However, most developers "can be put off by a site's scale, possible contamination, conversion costs," says the public group. To encourage them, the association has launched a website that offers advice relevant to re-using industrial buildings. Developers interested in taking these on will get additional help from English Heritage to guide them through the process.

"Although not easy, there are countless examples that have been saved by committed local groups as conserved sites in the landscape, often with public access or as visitor attractions," the association said.

“In the private residential sector, the spillover effect [of the 3% rule] will be probably very low due to the different profile of this sector (private investments, still need to overcome some market barriers, permits etc),” said a spokeswoman for the Building Performance Institute Europe (BPIE), an NGO dedicated to improving the energy performance of buildings across Europe.

“While the 3% rule is a step forward, it is still not enough, lower than initially proposed by the EU Commission and supported by the EU Parliament and overall more specific legislation has to be developed or better implemented in order to really boost the construction markets and to greening the urban areas and buildings,” the BPIE spokeswoman added.

“Achieving the EU energy-saving target makes sense, not just to further our energy security and climate change goals, but also broader economic sense, because it can stimulate economic activity and create millions of jobs, whilst bringing down energy bills for business and households and reducing our dependence on energy imports,” according to Parliament's rapporteur, Claude Turmes (Greens, Luxembourg), who led negotiations with the Council on the directive.

“With regard to the 3% we were all hopeful it would be the broader public sector,” said Adam McCarthy, Director of Government Relations at Johnson Controls and President of EuroACE, representing companies in the building efficiency sector. “That said, there is a correlation between government and the public sector and private sector. We would have liked more but we genuinely believe the 3% will have an impact on the private sector as well,” McCarthy concluded.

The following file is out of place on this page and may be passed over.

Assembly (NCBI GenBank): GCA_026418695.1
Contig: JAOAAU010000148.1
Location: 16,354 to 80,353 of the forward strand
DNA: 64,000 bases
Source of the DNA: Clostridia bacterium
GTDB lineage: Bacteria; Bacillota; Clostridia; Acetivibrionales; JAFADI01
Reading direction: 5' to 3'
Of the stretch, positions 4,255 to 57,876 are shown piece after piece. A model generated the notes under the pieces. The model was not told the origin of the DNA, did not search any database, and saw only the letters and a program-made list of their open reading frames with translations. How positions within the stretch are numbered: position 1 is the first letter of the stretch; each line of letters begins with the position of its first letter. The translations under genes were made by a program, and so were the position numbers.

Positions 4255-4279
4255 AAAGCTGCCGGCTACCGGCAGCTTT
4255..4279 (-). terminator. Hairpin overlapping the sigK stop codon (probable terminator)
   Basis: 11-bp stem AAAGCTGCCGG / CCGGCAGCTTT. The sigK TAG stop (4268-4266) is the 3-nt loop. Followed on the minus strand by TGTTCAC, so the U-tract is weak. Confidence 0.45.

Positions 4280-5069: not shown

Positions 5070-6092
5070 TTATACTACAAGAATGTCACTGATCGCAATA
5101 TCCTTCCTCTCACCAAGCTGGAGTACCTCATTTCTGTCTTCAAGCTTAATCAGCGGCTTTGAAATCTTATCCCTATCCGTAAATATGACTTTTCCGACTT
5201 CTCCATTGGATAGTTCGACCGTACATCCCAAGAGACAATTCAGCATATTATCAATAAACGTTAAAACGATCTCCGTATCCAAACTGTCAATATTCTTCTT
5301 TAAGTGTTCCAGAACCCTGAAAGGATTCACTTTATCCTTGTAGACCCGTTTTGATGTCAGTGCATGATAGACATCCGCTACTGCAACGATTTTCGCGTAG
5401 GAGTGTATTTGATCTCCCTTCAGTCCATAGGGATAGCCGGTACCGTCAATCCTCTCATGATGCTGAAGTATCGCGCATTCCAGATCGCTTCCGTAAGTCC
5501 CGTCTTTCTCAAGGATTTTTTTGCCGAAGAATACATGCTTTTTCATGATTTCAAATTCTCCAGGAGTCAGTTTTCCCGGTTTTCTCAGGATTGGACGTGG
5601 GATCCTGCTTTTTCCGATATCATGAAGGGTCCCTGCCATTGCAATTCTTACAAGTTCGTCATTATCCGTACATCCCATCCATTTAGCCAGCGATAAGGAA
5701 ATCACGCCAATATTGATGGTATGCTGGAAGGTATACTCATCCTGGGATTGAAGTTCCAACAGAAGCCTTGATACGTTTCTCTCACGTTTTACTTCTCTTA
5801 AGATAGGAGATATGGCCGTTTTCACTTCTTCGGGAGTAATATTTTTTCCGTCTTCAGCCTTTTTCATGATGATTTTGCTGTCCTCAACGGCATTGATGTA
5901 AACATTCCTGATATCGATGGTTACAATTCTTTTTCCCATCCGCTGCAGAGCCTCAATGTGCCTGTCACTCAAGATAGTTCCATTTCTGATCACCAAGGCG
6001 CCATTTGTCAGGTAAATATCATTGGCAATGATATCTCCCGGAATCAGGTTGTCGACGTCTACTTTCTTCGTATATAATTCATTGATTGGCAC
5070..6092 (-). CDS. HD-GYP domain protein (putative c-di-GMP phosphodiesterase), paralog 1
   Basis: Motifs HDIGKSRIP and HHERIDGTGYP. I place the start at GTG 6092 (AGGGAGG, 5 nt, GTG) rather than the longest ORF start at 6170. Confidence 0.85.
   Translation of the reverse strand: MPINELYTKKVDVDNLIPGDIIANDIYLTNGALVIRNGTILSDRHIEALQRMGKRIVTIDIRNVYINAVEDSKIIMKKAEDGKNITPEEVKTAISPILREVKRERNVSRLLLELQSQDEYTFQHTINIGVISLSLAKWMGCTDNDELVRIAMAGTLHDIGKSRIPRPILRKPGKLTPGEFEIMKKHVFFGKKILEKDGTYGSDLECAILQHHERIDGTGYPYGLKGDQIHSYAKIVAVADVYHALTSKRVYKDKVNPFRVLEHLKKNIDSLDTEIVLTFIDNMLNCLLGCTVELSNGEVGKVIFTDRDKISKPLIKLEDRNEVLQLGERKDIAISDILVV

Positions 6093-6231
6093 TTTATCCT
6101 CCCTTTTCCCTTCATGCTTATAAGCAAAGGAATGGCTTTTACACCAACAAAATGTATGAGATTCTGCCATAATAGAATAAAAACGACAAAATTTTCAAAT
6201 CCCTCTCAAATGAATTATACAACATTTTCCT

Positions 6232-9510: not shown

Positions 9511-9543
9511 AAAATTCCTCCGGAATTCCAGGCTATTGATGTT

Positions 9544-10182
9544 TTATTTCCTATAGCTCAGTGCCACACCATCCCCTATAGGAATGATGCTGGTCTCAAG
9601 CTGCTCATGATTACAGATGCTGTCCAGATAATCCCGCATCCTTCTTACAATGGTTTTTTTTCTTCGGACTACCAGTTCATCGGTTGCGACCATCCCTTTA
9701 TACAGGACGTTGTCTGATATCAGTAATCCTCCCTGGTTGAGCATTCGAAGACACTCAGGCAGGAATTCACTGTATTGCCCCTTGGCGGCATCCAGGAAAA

The renovation of public buildings has been one of the most controversial issues in the energy efficiency directive.

In 2011, the European Commission proposed a 3% renovation rate that would target public buildings with a total useful floor area of over 250 square meters, an objective which activists already criticised for being too weak. 

But member states later restricted this requirement further to include only "central government-owned" and "occupied" buildings, "with a useful floor area of over 500 m2". As of 9 July 2015, this will be lowered to 250 m2. 

The rewording resulted in significant reductions in scope for many countries. Whilst in Sweden, France and the Netherlands many buildings are owned by the central government, this is not the case in Germany, where regional authorities own most public buildings.

As a result, Germany will have to refurbish only around 37 public buildings. Similarly, in the UK, many buildings owned by the central government are historic and would be exempt from this requirement.

  • Sept. 2012: Energy efficiency directive expected to be passed at European Parliament's plenary session.